Wow, that is quite impressive and the project seems easy enough to duplicate.

    I really like the inductive coupling power supply. What a novel idea to have on a base with power already applied.

  22. Bob says:

    What would be even more awesome is some light inside the globe that light up on “the dark side”.

  23. Stephen says:

    Sweet.

    Need one for my office. Can I buy one?

  24. AllThatJazz says:

    Wow! Pretty up the base a bit and I bet Brookstone would sell a bazillion of these!

  25. kristian says:

    build it into an end table and tell everyone you’re a wizard! this is so cool!!

  26. Brennan says:

    I have nothing to add, other than this project/hack is awesome!

  27. jkx says:

    Marvelous !

  28. mark says:

    Questions: how stable is the floating globe on the base? Will the globe remain stable over the base if the base is moved in a smooth uniform motion?

    I envision this earth revolving around a larger, floating sun (moon optional). For added effect, place the moving bases beneath a uniform black surface.

  29. zool says:

    ok, but now it looks like it’s always summer

  30. Griffin says:

    I was grinning from ear to ear when I watched the video.
    Bravo!

  31. soopergooman says:

    This STINKS OF WIN!!!

  32. Willy says:

    The instant I saw this I started thinking how cool it would be to have it rotate once a day with a bright light source illuminating one side. Then I was trying to come up with a way to add a moon that slowly orbited. Then I was picturing how one might have the whole thing move around a scale sun and how this might be elegantly incorporated into the architecture, perhaps a large circular room with a counter around the perimeter. Then I realized I was daydreaming.

  33. Hitek146 says:

    If you guys want to add a sun and moon, and keep things to scale, I hope you have a large living room… :)

  34. strider_mt2k says:

    I’d like to make myself believe that planet Earth turns slowly…

    It’s like win with an extra side of more win.

    Beautiful BEAUTIFUL work!

  35. FrankenPC says:

    This is the kind of thing you patent.

  36. jeditalian says:

    i was imaging something much more complicated and wondering how he could pull it off. then i watched the video. angled floating internal motor powered by inductive coupling FTW! that is awesome. you could recreate the entire solar system on a big enough table, bases moving on tracks underneath, and put it in a museum. but i would just like to have it built into a desk. doesn’t have to be the earth.. power some LEDs via the inductive coupling as well, people would buy that shit up. you sir, are a genius :D

  37. jeditalian says:

    you could have a floating model of a helicopter with blades spinning. or just build a fake perpetual motion/ antigravity machine, powered by induction and fuck with people like its alien tech

  38. Erik says:

    I’d really like to see a light added to this that represents the sun. And then control the motor so it’s in tune with the Earth’s rotation. So one could tell what areas of Earth where in sun and what parts weren’t. Mostly just because it would be awesome! I’d be tempted to buy something like this hack if it was made. The other globes just don’t seem as cool to me.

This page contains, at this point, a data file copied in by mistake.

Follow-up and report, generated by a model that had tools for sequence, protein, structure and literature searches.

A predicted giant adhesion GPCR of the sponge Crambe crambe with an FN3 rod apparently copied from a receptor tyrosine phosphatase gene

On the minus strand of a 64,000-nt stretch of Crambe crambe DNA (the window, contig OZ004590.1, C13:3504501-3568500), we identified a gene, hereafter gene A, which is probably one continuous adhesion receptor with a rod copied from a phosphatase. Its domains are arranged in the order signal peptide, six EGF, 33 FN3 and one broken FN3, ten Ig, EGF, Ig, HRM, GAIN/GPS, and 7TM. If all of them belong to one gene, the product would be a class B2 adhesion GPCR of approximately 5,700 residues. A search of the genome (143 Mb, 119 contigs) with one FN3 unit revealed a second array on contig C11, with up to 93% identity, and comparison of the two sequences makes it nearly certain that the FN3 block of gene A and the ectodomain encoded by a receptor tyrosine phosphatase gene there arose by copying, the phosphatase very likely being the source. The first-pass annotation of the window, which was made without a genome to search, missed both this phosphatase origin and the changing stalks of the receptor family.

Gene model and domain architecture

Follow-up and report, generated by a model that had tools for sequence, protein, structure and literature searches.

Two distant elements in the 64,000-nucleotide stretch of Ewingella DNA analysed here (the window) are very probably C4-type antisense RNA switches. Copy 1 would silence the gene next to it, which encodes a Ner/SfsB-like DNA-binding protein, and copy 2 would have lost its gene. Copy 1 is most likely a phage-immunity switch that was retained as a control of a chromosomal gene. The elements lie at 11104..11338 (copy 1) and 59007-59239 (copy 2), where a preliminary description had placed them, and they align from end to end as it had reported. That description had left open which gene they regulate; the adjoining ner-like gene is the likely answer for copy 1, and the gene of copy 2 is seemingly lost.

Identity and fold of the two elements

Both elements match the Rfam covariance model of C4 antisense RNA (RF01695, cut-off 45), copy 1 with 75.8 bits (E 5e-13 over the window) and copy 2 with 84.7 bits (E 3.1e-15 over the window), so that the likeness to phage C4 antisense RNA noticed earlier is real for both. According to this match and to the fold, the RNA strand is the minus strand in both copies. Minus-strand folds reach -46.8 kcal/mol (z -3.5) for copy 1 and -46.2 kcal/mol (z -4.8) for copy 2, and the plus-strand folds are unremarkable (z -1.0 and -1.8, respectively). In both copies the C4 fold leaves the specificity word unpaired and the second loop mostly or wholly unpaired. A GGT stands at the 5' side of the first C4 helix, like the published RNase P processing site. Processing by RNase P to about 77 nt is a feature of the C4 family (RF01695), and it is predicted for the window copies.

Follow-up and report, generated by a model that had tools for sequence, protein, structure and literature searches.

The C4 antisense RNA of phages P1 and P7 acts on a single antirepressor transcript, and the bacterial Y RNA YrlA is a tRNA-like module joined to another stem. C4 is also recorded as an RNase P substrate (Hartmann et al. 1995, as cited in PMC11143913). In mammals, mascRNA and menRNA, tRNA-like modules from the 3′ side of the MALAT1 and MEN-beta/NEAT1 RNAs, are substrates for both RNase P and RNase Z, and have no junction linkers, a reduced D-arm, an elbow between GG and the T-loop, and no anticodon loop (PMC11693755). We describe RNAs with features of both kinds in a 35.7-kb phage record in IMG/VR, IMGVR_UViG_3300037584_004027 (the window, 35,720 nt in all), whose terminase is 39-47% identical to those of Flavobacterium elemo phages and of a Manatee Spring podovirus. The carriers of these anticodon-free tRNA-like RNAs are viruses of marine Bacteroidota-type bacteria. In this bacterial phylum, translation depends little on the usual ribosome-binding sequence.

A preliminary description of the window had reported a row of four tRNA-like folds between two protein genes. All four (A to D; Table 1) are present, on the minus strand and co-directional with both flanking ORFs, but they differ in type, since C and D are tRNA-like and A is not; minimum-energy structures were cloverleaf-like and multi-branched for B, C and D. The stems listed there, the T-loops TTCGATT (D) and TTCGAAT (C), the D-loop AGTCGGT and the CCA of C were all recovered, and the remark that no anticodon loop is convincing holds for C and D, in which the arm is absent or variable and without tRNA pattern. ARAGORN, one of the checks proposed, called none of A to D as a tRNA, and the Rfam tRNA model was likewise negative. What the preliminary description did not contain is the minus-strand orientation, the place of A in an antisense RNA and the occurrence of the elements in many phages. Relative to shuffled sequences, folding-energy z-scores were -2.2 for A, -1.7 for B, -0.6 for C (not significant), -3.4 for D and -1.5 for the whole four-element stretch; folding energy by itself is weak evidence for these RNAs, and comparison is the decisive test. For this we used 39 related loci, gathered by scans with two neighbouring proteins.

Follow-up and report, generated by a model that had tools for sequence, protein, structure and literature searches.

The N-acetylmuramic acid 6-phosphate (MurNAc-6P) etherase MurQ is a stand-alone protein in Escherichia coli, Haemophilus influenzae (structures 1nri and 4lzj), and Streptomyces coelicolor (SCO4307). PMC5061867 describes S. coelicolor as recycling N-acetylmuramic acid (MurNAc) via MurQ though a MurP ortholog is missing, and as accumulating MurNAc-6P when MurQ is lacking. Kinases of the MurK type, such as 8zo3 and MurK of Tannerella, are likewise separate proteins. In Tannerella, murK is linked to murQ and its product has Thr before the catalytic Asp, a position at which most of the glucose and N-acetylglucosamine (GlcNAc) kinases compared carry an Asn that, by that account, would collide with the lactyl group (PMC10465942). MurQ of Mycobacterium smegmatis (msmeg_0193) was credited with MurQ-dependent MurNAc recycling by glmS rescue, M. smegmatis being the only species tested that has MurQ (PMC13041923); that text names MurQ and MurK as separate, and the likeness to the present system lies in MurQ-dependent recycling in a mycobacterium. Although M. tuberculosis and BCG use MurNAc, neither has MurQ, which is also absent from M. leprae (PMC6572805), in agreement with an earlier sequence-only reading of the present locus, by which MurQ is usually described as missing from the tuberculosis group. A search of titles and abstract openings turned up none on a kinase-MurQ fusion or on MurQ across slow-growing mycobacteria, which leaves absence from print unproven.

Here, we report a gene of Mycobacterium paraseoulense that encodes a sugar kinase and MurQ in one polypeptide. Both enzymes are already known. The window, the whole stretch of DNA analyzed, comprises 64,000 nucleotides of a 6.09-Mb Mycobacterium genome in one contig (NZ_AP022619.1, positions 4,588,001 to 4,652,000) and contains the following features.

39. Amos says:

    A. Brilliant!
    B. Motor turns too fast
    C. That globe is ugly and should be replaced.
    D. I would probably just hover the “guts”, possibly modded to look (more?) like a space station (Empok Nor FTW!)

  40. Greycode says:

    FTW would be the Deathstar.

  41. strider_mt2k says:

    Okay at least we can all agree that it’s no moon…

  42. chris27 says:

    Amazing. Could more powerful magnets be used to suspend it further from the base station? It would be pretty cool to have it floating in the center of a room with nothing nearby.

  43. rob says:
  44. Brooks says:

    chris27: You could, but the inverse-square law is not your friend. The base also needs to be proportionately wider to center it.

  45. gcat122 says:

    I love it!
    It looks like the heavier globe is closer to the base. Is there even room for the shiney domed cover? Speaking of that, it is likely the cover (metal surface on plastic) will interefere with the induction field.
    ” I need more power!”

  46. Dr T says:

    I think the globe may be upside down. Isn’t the magnetic north of the globe supposed to be pointing up?

  47. bzroom says:

    i like the idea of a solar system of these things.. but screw moving bases, use a 2D magnet array to move them around, varying their height along the way. First step, giant 2d maglev floor.

  48. Rollyn01 says:

    So I guess no one else is thinking that this is how that plasma turrets from Halo work? More Proof that we are the Forerunners.

  49. luis says:

    But he doesnt say the main thing:
    How do you attach the power supply or the electric system to the magnetic base to keep it energized. That is the main secret. So you need to buy the Globe first and then apply the hack, but you cannot build one from scratch.

  50. Rajiv says:

    Erik: If you want the globe to rotate in time with the Earth the solution is even simpler than this – instead of a motor and inductive pickup simply attach the hour hand of a clock mechanism to the tilted equitorial ring. Of course you will need a 24hour clock, not a regular 12hour clock – or replace the 32KHz crystal in the 12Hr clock with a 16KHz crystal. :)